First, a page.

GAINESVILLE — Florida defensive end Jermaine Cunningham was sitting in the back of the room this week when coach Urban Meyer was overcome with emotion, trying to put into words what this senior class has meant to the Gators program. As Meyer spoke, the reality finally hit Cunningham.
He and the 22 other Gators seniors will run out onto Florida Field on Saturday afternoon for the last time. Suddenly, the prospect of facing that final game overwhelmed him a little.
"I was sitting back there thinking about senior day and how close this team is," said Cunningham, who will graduate next month with a degree in anthropology. "For the senior class, I think it's going to be real emotional. Just knowing that it's coming down to the last game in the Swamp, and through the four years we've been here, this is the end of the road."
This Gator senior class has won more games than any other in SEC history (46-6). They are 27-5 in the SEC, 25-2 at Florida Field, 14-3 against ranked teams and 11-1 vs. Tennessee, Georgia, FSU and Miami. The class includes a national defensive player of the year and a Heisman Trophy winner.
But this senior class is special to Meyer for myriad reasons, most notably linebacker Ryan Stamper, receiver David Nelson, kicker Jonathan Phillips and linebacker Dorian Munroe — the only remaining players from his first recruiting class.
While Florida quarterback Tim Tebow and linebacker Brandon Spikes have become the marquee names of the class, Meyer wants everyone to remember that more than just two people have led the Gators to two national championships, and their current 21-game winning streak.
There's wide receiver Riley Cooper, the team's leading receiver who delayed a chance to play professional baseball to return for his final season.
"I can't believe that Saturday is my last game in the Swamp," said Cooper, the former Clearwater Central Catholic standout. "It has gone by too fast. I'm really happy that I decided to come back and have the chance to finish with my class."
And there's return specialist/running back Brandon James, the 5-foot-8 guy who many passed on because of his size. There's Munroe, who has endured three ACL injuries, the most recent suffered this month ending his career, and cornerback Wondy Pierre-Louis, whose position coach Chuck Heater traveled to Pierre-Louis' native Haiti on his behalf shortly after he signed with the Gators to help resolve immigration issues that threatened to send him out of the country. And the list goes on.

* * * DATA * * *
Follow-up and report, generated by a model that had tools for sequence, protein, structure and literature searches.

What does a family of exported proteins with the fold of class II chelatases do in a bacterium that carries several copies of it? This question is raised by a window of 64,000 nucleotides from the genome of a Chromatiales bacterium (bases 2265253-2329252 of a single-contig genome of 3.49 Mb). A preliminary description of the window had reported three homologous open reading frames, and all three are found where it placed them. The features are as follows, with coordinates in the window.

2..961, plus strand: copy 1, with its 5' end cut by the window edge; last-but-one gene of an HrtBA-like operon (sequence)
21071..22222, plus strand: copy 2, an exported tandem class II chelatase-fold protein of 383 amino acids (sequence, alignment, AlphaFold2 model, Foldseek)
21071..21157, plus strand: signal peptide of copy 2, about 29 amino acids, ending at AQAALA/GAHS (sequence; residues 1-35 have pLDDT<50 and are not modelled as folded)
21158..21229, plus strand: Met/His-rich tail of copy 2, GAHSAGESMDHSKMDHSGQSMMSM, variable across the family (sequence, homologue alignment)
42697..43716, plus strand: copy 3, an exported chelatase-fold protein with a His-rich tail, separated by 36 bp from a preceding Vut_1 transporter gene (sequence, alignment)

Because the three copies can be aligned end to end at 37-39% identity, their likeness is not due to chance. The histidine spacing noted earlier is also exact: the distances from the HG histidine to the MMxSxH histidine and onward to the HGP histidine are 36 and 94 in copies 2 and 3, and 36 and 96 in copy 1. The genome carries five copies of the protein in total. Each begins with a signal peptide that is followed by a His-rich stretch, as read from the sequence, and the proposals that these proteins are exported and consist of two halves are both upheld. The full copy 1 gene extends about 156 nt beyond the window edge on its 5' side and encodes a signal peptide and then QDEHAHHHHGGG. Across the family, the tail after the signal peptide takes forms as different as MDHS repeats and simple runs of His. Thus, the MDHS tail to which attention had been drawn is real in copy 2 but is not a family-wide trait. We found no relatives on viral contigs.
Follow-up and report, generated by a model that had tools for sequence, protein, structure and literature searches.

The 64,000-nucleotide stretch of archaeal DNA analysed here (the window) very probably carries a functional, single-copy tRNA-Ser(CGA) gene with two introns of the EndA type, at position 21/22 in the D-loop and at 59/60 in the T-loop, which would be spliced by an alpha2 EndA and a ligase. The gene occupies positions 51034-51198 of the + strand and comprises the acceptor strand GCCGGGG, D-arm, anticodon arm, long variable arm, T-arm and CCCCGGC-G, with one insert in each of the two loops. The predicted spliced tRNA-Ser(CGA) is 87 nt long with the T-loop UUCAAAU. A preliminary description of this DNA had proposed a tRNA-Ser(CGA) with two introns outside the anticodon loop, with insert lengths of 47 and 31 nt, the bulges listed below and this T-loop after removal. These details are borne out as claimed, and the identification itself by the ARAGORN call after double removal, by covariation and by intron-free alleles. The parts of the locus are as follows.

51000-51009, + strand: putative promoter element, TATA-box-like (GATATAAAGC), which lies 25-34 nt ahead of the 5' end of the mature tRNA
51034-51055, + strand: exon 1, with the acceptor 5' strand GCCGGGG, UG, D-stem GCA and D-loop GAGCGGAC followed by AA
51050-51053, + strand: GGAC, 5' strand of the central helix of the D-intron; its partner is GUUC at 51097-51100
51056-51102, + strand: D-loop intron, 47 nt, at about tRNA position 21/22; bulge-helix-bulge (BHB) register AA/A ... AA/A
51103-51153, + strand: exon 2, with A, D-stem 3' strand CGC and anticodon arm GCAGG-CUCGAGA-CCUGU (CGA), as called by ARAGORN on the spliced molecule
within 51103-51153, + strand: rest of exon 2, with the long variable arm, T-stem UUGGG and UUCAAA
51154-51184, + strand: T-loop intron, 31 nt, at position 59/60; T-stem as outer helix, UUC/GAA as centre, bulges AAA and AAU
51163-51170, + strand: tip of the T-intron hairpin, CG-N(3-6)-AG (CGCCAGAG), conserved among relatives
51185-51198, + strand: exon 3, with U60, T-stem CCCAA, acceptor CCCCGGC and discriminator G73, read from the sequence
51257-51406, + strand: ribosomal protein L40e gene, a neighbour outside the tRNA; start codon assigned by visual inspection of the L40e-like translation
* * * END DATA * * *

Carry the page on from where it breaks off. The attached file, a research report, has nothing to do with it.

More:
"I just think, you've got Jermaine, you've got Riley Cooper, who do you want to take out of that class?" Meyer said. "That's the thing I want to be very cautious about. There's two guys that are very visible for us and deservedly so. But take Coop out of there and this doesn't happen. Take Jermaine out, this didn't happen. It wouldn't happen. And there are many guys in that class that have done a great job. Take Ryan Stamper out of that recruiting class and I assure you that this record, those accomplishments don't occur."
The Gators close out their home careers against rival Florida State, a game that won over many players in this class when they were high school recruits attending the 34-7 victory in 2005, Meyer's first season.
"There were a lot of big recruits at that game and I think that game probably got a lot of our guys here," James said. "It was a real big-time college football atmosphere, and the Gators won that night. After that win, a lot of our class just decided that this was the place we wanted to play college football."
The Gators' biggest challenge Saturday may be making sure they don't get lost in the emotion of senior day. After all, this isn't their last game. It's just the last one at Ben Hill Griffin Stadium. There's too much still at stake to get caught up in saying farewell and overlook FSU. Including the chance to say for the rest of their lives they never lost to Florida State. The Gators have won five in a row.
"It's real big time," Stamper said. "This is a big-time rivalry because as far as Georgia, Tennessee, those are big-time rivalries but this is (the state of) Florida football right here. Those guys, we played high school football with them. I actually have three high school teammates that play for Florida State. The wide receiver Rod Owens, me and him are real good friends. It's like you're playing against your friends and you want to really beat them. It's like a love-hate thing."
Antonya English can be reached at firstname.lastname@example.org or (813) 226-3389. Check her blog at blogs.tampabay.com/gators.